“Together, these findings suggest that facial appearance represents social expectations of how a person with a particular name should look. In this way, a social tag may influence one’s facial appearance,” said co-author Ruth Mayo, PhD, also from The Hebrew University of Jerusalem. “We are subject to social structuring from the minute we are born, not only by gender, ethnicity and socioeconomic status, but by the simple choice others make in giving us our name.”
Source: Jim Sliwa – APA
Image Source: NeuroscienceNews.com image is in the public domain.
Original Research: Full open access research for “We Look Like Our Names: The Manifestation of Name Stereotypes in Facial Appearance” by Yonat Zwebner MBA, Anne-Laure Sellier, PhD, Jacob Goldenberg, PhD, Nir Rosenfeld, MSc, and Ruth Mayo, PhD in Journal of Personality and Social Psychology. Published online February 26 2017 doi:10.1037/pspa0000076.supp
[cbtabs][cbtab title=”MLA”]APA “Do You Look Like Your Name?.” NeuroscienceNews. NeuroscienceNews, 27 February 2017.
<https://neurosciencenews.com/name-face-match-6162/>.[/cbtab][cbtab title=”APA”]APA (2017, February 27). Do You Look Like Your Name?. NeuroscienceNew. Retrieved February 27, 2017 from https://neurosciencenews.com/name-face-match-6162/[/cbtab][cbtab title=”Chicago”]APA “Do You Look Like Your Name?.” https://neurosciencenews.com/name-face-match-6162/ (accessed February 27, 2017).[/cbtab][/cbtabs]
We Look Like Our Names: The Manifestation of Name Stereotypes in Facial Appearance
Research demonstrates that facial appearance affects social perceptions. The current research investigates the reverse possibility: Can social perceptions influence facial appearance? We examine a social tag that is associated with us early in life— our given name. The hypothesis is that name stereotypes can be manifested in facial appearance, producing a face-name matching effect, whereby both a social perceiver and a computer are able to accurately match a person’s name to his or her face. In 8 studies we demonstrate the existence of this effect, as participants examining an unfamiliar face accurately select the person’s true name from a list of several names, significantly above chance level. We replicate the effect in 2 countries and find that it extends beyond the limits of socioeconomic cues. We also find the effect using a computer-based paradigm and 94,000 faces. In our exploration of the underlying mechanism, we show that existing name stereotypes produce the effect, as its occurrence is culture-dependent. A self-fulfilling prophecy seems to be at work, as initial evidence shows that facial appearance regions that are controlled by the individual (e.g., hairstyle) are sufficient to produce the effect, and socially using one’s given name is necessary to generate the effect. Together, these studies suggest that facial appearance represents social expectations of how a person with a specific name should look. In this way a social tag may influence one’s facial appearance.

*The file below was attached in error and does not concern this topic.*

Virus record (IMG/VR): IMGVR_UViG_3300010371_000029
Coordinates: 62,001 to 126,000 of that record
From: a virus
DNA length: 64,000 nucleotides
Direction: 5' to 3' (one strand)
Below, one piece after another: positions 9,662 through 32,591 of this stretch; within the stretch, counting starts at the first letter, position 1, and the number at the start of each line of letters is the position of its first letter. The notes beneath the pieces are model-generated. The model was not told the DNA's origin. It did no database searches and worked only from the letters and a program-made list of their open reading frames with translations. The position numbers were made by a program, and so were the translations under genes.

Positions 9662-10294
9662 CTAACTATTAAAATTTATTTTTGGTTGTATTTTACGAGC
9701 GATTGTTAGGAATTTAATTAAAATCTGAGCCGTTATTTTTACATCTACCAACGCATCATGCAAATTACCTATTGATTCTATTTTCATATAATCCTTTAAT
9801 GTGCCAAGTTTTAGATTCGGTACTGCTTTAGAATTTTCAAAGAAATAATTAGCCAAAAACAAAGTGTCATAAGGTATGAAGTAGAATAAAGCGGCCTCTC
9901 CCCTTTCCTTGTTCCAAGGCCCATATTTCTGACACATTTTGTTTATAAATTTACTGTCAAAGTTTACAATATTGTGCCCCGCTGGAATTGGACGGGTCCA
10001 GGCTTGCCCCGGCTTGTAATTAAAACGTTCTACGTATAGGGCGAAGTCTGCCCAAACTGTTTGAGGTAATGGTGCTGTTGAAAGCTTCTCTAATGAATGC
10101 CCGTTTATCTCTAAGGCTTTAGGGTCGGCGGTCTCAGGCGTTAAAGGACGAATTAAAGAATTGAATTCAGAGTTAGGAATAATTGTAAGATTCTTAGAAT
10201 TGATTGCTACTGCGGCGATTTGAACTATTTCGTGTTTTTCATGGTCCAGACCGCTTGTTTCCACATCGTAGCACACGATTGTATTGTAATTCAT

“We Look Like Our Names: The Manifestation of Name Stereotypes in Facial Appearance” by Yonat Zwebner MBA, Anne-Laure Sellier, PhD, Jacob Goldenberg, PhD, Nir Rosenfeld, MSc, and Ruth Mayo, PhD in Journal of Personality and Social Psychology. Published online February 26 2017 doi:10.1037/pspa0000076.supp